I’ve seen countless speakers in my years working with nonprofits and usually I don’t give much thought to them days after I’ve watched their presentations. What made this young man so different went beyond the fact that he was an unusually gifted speaker; his passion, research, and tangible plan made the whole room of parents and grandparents stand to its feet and applaud his vision. With a blonde Mohawk a mile high and looking like a professional wrestler, he was also cool enough to relate to the people he has a desire to help.

The Donor Side

You can’t do much in this world without money, and that’s the second side of this statement that I want to address. What can you do that no one else is doing to get the donors that you don’t already have (and quite frankly, those who haven’t pledged their commitment to another nonprofit)? Fortunately 71 percent of American households give to charities (according to Dunham and Company’s annual New Year’s Philanthropy Survey), but on the down side it is only 3 to 5 percent of their gross income as stated on financialsamurai.com. That means that over 38 million households aren’t giving and that a majority of households have the potential to give more (because I personally think 3 percent is quite low on the generosity scale). That’s a whole lot of money with a whole lot of giving capability. Now what can you do to inspire those who aren’t giving, to give, and those who are giving, to give more?

This is hardly a new idea and is probably written on the job description of every development director. We spend hours of time at staff and board meetings trying to figure out how to raise more money and reach more people. Here are some ways that nps.gov suggests can boost giving for your charity:

  • Build a more compelling case for giving in light of a more competitive fundraising environment. Charities built strong messages around the consequences of not supporting their cause, such as highlighting the loss of education or art programs, the closing of a center, or reductions in services.
  • Improve communications with donors through quarterly newsletters and regular email announcements.
  • Partner with other organizations to raise visibility and gain a broader audience.
  • Improve efforts in getting small annual gifts from members and acknowledging donor gifts within one or two days.
  • Increase advocacy work and draw attention to a need or crisis.
  • Shift priorities from fundraising for specific groups to fundraising for specific problems or needs.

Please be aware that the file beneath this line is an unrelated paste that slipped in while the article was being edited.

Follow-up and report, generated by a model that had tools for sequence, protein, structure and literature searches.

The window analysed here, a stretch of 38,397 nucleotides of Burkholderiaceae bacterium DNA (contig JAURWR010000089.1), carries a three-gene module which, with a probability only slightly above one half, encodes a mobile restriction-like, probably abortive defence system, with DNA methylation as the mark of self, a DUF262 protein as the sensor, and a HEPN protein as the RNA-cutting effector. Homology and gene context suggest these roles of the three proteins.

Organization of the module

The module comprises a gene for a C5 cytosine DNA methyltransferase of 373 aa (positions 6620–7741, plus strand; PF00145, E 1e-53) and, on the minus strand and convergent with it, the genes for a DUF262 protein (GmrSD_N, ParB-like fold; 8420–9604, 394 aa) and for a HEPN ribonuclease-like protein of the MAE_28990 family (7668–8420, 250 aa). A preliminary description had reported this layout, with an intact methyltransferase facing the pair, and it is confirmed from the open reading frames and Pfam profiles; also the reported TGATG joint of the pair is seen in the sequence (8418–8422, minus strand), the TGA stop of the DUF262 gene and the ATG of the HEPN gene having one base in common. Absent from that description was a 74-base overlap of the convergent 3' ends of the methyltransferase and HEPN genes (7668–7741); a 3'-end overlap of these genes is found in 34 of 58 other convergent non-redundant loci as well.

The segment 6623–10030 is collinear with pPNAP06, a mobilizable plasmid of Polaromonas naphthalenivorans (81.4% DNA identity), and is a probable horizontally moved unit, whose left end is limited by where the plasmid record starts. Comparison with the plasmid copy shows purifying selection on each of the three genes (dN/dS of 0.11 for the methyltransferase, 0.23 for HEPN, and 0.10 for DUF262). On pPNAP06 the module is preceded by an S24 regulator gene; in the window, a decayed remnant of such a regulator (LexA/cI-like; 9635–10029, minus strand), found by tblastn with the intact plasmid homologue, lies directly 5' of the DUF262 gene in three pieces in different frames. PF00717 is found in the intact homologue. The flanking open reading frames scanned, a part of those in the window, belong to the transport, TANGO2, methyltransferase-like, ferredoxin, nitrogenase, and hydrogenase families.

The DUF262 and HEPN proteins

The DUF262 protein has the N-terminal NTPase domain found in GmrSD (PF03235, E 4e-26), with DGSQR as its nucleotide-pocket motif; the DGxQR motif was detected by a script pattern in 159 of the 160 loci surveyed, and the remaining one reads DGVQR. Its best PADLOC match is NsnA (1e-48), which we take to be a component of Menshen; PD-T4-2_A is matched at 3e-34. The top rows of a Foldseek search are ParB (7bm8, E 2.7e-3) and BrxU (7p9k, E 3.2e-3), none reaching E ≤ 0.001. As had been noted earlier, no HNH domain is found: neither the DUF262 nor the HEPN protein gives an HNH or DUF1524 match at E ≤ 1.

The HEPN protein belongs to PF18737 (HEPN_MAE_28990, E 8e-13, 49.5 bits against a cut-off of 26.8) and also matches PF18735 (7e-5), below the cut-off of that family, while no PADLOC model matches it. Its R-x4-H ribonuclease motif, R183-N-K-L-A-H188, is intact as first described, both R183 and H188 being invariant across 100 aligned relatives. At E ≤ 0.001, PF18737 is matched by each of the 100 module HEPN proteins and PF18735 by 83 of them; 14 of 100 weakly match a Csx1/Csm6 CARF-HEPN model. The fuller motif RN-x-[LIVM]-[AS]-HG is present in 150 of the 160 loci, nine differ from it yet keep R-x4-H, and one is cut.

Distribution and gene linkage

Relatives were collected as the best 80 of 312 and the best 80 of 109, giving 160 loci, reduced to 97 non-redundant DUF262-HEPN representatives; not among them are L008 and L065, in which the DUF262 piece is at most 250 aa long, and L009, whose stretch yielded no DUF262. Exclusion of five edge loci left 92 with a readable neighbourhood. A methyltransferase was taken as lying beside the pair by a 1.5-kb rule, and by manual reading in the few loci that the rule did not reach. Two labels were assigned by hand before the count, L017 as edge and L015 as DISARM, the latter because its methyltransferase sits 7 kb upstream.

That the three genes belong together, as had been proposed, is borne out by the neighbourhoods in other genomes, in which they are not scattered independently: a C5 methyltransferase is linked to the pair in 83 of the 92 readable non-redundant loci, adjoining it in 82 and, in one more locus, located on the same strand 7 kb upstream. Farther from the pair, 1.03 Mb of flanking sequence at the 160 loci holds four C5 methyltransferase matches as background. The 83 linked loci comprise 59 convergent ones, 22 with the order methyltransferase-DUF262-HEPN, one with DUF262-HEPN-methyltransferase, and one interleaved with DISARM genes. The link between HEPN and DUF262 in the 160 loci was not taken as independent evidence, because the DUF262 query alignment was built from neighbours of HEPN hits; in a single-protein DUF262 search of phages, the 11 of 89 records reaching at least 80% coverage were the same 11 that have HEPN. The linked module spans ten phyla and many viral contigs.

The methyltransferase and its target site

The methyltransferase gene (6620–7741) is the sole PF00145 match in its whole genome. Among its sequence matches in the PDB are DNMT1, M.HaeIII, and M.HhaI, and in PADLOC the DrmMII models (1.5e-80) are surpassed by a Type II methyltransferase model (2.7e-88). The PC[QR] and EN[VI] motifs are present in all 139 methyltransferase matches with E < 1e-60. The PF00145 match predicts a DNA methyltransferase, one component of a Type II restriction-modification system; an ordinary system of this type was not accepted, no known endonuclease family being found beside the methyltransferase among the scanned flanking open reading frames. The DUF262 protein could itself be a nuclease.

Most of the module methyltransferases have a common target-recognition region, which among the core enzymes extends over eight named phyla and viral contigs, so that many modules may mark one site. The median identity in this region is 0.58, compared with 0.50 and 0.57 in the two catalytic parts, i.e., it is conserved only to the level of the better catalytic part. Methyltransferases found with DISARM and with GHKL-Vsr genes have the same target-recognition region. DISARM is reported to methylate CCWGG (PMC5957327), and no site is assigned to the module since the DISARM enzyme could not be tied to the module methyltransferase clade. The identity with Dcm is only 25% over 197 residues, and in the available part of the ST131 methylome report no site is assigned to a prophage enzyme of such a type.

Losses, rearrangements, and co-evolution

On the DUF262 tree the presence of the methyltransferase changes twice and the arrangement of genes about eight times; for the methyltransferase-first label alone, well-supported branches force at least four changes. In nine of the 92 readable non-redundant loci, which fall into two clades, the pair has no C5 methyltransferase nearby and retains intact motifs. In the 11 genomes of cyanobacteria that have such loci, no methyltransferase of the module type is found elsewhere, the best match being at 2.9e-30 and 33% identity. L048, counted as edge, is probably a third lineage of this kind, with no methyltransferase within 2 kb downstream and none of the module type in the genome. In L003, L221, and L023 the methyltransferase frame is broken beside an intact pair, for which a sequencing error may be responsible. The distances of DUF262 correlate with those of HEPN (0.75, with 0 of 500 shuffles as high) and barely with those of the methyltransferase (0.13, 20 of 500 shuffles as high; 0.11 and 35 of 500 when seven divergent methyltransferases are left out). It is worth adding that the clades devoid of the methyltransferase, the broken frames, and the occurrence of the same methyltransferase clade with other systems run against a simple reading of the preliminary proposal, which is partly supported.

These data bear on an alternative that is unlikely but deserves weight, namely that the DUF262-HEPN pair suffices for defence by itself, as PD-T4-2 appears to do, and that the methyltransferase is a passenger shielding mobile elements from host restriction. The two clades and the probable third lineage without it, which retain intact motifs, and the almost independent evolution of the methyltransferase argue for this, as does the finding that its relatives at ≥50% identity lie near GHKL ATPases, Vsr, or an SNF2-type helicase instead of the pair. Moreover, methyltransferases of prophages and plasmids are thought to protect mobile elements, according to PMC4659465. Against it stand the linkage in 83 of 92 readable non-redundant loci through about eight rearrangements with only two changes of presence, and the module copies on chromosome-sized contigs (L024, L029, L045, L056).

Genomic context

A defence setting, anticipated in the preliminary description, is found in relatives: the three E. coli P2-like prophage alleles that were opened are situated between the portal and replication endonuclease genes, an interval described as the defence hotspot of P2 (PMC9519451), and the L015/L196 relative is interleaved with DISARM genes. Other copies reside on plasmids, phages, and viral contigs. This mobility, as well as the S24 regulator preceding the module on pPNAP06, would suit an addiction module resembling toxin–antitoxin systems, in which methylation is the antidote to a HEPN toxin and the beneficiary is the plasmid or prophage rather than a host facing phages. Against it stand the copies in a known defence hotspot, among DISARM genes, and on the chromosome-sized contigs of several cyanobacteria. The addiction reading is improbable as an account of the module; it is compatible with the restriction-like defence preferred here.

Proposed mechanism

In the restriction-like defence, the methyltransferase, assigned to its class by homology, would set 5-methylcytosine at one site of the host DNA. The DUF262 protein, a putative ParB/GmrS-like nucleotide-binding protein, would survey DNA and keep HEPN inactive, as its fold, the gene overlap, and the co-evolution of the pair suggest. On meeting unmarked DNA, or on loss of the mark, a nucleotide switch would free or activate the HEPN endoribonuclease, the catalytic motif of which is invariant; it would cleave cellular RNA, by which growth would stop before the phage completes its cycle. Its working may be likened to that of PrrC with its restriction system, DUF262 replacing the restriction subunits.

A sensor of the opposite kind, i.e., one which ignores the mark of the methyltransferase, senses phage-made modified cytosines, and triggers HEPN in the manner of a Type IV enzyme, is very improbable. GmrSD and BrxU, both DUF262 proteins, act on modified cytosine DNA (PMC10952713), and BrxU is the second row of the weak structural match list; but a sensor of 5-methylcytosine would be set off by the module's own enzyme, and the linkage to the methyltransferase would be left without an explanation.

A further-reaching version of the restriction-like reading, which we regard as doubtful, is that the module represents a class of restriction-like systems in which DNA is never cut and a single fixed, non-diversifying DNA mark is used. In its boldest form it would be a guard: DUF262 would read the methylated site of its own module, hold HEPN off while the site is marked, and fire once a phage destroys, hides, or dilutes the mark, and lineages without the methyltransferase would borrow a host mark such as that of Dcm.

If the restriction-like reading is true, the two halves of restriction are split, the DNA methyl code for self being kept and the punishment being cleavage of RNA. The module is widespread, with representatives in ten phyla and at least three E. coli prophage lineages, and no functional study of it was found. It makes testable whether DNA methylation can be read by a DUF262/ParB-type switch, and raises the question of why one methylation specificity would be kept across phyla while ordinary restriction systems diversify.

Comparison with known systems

There are some more basic ways to get what you haven’t got: get ideas from other nonprofits, ask your supporters what they would like to see more of, and have an open brainstorming session with your employees. Who knows what can happen when you ask the right questions?!

The Who, What, and Where of Charitable Contributions

5 Sep

The total charitable contributions by individuals, corporations, and foundations in the United States for 2010 was $290.8 billion. Of that number, individual giving was an estimated $211.7 billion*. So, who is getting all that money? More importantly, how can your organization claim more of it?!

Let’s break down the who, what, and where of charitable contributions. The Chronicle of Philanthropy conducted its own survey to pinpoint which states, cities, and metropolitan areas are the most generous. Here’s what they found:

Top Five Most Generous States 
  1. California: $17.2B
  2. New York: $11.3B
  3. Texas: $10.7B
  4. Florida: $7.4B
  5. Illinois: $6B
Top 5 Most Generous Cities
  1. Provo, Utah: Median donation $7,059
  2. Logan, Utah: $6,354
  3. St. George, Utah: $5,568
  4. Ogden, Utah: $5,186
  5. Idaho Falls, Idaho: $4,886
Top 5 Most Populous Metropolitan Areas
  1. Salt Lake City: $834.5M / Median percent of income given 9%
  2. Memphis: $703.8M / 7.2%
  3. Birmingham, Alabama: $771.8M / 7.1%
  4. Nashville: $850.9M / 6%
  5. Atlanta: $3.2B / 5.9%

Now that we know where the giving is taking place, how is it divided by sector? CharityNavigator.org has posted the following stats:

  • 32% of all donations ($95.88 billion) went to religious organizations, most of which can be attributed to people giving to their local place of worship. The next largest sector was education, with $38.87 billion.
  • In 2011, giving by bequest was $24.41 billion, foundations gave $41.67 billion, and corporations donated $14.55 billion.
  • As compared to 2010, giving in 2011 showed that donations were up for  health charities (2.7%), public benefit charities (4%), art, culture, humanities charities (4.1%), International charities (7.6%), human services charities (2.5%), and environmental/animal charities (4.6%).

Now that I’ve bombarded you with facts, what can we takeaway from this information? There seems to be a strong common thread linking together the most generous cities, metropolitan areas, and the recipients of the largest portion of donations. Perhaps other nonprofit organizations can take a few pointers from religious organizations based on these statistics. First of all, donors tied to religious organizations often feel a moral and personal obligation to give. There is a higher sense of purpose which drives their generosity and keeps them faithfully giving. Secondly, there is a sense of community within these organizations that unites their supporters with one another and the organization itself. What opportunities are you providing for your donors to come together, connect with each other and your staff, and join together to further your cause? Informational meetings, facility tours, volunteer opportunities, Facebook groups, concerts, etc. are all ways to gather your supporters together for community development. Follow these up with accountability, relationship cultivation, and commitment, and your donors will begin to feel more connected to your cause.